When I need to learn about a travel product or destination, I tend to gravitate towards the “user feedback” and “traveler review” sections respectively. It’s not that I don’t trust the supplier’s marketing pitch… I simply prefer to learn about something from a fellow traveler’s perspective – specifically someone with similar interests.
Case and point – before I book our family vacation spot, I laboriously eyeball as many TripAdvisor traveler reviews as possible (not to mention their video and photo uploads) in order to uncover the truly good, bad and ugly facts. Invariably, I’ll also find very useful, undocumented nuggets of information (nothing you’d ever find on the hotel’s website or marketing collateral) that usually helps make the vacation so much more enjoyable. The beauty of TripAdvisor is that I can narrow down traveler reviews to only those individuals that fit my particular demographic. For instance, if I’m traveling with my wife and two young sons, I don’t want to read feedback posted by “couples on a romantic getaway”. I want to read a mother’s suggestions about which buffet offers the healthiest, kid-friendly fare.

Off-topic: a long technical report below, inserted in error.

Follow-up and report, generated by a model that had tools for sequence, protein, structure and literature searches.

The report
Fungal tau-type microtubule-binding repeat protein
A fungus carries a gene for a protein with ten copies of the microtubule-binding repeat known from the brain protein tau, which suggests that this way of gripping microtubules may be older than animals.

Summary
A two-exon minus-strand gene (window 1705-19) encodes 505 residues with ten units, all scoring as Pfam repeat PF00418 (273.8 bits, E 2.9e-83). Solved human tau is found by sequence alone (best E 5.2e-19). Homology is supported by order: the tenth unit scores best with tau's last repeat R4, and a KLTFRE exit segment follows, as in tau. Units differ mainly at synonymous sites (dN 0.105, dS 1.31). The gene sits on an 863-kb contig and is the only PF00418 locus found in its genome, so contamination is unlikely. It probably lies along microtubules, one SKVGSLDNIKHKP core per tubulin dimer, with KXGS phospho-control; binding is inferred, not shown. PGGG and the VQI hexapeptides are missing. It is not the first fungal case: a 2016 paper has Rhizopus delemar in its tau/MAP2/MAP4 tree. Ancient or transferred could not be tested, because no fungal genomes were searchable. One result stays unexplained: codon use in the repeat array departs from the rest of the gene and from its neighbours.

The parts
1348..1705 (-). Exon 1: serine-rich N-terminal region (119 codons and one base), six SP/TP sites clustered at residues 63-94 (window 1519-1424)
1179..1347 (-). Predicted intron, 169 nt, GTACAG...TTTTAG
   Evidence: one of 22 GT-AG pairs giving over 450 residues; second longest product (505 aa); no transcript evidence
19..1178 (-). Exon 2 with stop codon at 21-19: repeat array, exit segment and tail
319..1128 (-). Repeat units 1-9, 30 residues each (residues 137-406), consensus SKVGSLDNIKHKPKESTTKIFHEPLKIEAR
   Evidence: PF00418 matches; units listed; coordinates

Studies have shown that 78% of consumers trust peer recommendations, whereas only 14% trust advertisements. Savvy business travelers are starting to pay more attention to fellow “road warrior recommendations” than they ever have. To support that growing trend, GetThere recently launched Hotel Traveler Reviews, a feature that gives travelers the ability to peruse tips and recommendations during the OBT shopping process.
Some corporate travel managers are taking this technology to the next level. For example, rather than exposing their travelers to reviews posted by the general population, they are limiting reviews to those of their global employee base. Heading to London to meet with the company’s sales team? Why not factor their recommendations into your hotel reservation equation.
Are you aware of any existing or emerging “traveler recommendation” sites, or do you have any cool ideas or suggestions? If so, please share them by posting a comment below.
~ Theo Szymanski